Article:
Dangerous Times

Remarks given on 29 March 1994 at Michigan State University before a performance of Symphony No. 4

It goes without saying that we live in dangerous times, and that the human family is threatened by forces within itself that it does not understand. Community is shattered, individuals are alienated, hunger, slaughter, and oppression continue and seem to be gathering momentum. Yet I want to speak of hope. I offer a quote from the book Symbols of Transformation by Carl Jung. This was written in the first decade of the twentieth century, but has come to apply dramatically to our time. The first idea in this quote seems like a slap in the face, yet it is clear and true:

“Everyone who has his eyes and wits about him can see that the world is dead, cold, and unending. Never yet has he beheld a god, or been compelled to require the existence of such a god from the evidence of his senses. On the contrary, it needs the strongest inner compulsion, which can only be explained by the irrational force of instinct, for man to invent religious beliefs. In the same way one can withhold the stories of primitive myths from a child but not take from him the need for mythology, and still less his ability to manufacture it for himself.” Here is the crux of the quote: “One could almost say that if the world’s traditions were cut off at a single blow, the whole mythology and the whole religious tradition would start all over again with the next generation…. Enlightenment avails nothing; it merely destroys a transitory manifestation, but not the creative impulse.”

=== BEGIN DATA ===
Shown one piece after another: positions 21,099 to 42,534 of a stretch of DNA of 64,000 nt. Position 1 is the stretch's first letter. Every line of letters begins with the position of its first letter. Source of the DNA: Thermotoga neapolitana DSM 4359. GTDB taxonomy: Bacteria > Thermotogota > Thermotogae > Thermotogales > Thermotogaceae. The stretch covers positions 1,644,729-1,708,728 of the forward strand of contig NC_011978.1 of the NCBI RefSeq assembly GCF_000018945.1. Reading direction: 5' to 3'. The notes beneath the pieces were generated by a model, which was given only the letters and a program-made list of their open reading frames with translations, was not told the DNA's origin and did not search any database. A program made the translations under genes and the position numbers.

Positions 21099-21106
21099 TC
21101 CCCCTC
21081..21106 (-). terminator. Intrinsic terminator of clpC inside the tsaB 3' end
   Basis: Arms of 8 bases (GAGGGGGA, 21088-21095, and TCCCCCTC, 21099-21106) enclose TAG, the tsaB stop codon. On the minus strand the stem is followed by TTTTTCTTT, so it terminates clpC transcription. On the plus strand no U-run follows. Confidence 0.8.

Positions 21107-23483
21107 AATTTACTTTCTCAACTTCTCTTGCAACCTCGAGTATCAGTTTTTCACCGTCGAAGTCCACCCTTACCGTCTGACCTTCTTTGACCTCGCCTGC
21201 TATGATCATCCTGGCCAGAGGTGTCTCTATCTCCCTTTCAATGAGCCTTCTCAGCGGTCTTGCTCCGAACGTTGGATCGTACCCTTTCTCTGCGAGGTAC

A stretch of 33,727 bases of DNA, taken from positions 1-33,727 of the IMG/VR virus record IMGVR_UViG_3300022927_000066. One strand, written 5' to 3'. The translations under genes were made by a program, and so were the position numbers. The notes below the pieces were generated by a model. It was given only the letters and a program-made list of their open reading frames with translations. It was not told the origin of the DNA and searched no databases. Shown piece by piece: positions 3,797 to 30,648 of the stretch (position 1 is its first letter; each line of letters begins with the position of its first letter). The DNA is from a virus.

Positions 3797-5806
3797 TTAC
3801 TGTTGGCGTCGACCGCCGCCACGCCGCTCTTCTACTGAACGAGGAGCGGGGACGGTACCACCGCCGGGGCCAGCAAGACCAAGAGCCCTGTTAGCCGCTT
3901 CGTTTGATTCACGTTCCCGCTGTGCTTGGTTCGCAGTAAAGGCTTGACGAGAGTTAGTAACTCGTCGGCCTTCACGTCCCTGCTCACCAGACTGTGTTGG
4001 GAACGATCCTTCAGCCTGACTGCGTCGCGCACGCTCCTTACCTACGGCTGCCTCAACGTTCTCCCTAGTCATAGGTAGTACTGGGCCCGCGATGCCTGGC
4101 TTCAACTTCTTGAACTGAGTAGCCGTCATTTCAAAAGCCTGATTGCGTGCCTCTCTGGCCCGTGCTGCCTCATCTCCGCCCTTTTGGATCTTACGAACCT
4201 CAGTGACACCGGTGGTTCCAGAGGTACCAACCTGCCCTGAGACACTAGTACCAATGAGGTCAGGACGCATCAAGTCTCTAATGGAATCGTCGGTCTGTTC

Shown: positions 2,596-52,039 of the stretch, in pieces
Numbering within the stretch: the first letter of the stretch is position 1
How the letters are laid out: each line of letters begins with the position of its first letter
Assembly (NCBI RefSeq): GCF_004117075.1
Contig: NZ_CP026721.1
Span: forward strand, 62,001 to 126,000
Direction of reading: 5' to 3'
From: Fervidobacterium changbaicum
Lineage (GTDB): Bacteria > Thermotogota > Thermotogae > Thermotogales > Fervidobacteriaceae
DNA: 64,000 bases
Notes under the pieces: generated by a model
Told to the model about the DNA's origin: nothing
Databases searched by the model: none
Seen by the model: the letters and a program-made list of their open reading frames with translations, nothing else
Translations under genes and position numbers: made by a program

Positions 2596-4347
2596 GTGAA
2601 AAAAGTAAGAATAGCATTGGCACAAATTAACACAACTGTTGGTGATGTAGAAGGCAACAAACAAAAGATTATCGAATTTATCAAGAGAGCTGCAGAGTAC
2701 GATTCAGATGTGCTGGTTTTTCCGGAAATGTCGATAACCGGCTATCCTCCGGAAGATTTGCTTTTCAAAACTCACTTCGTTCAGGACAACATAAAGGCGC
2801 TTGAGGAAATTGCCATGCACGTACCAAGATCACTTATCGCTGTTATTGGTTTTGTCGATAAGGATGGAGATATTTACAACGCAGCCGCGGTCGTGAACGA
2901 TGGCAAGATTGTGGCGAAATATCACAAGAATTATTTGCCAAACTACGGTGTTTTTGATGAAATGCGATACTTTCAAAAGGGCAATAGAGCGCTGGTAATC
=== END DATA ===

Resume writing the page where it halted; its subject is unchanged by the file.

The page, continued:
And so – what does it mean that a composer and a symphony drop on you out of the blue? It means in part, I think, that in spite of all the fracturing of culture and obscuring of soul, in spite of depersonalization, loss of community, despair of individuals and classes, in spite of the reduction of the arts to entertainment and the reduction of entertainment to a shrieking din – in spite of all, the living tradition of the creative impulse goes on, the tradition that has nothing to do with money, or entertainment, or technology, but has everything to do with personhood, community, wellness, balance, and hope. It is in this tradition that this ensemble sits here tonight, and out of which I believe and hope my music has grown. It is this creative impulse with all its manifestations which is the central and undeniable driving force of the human race, and which will carry it through the darkest times.

By |2016-12-09T23:08:47+00:0029 March 1994|Philosophy, Symphony No. 4|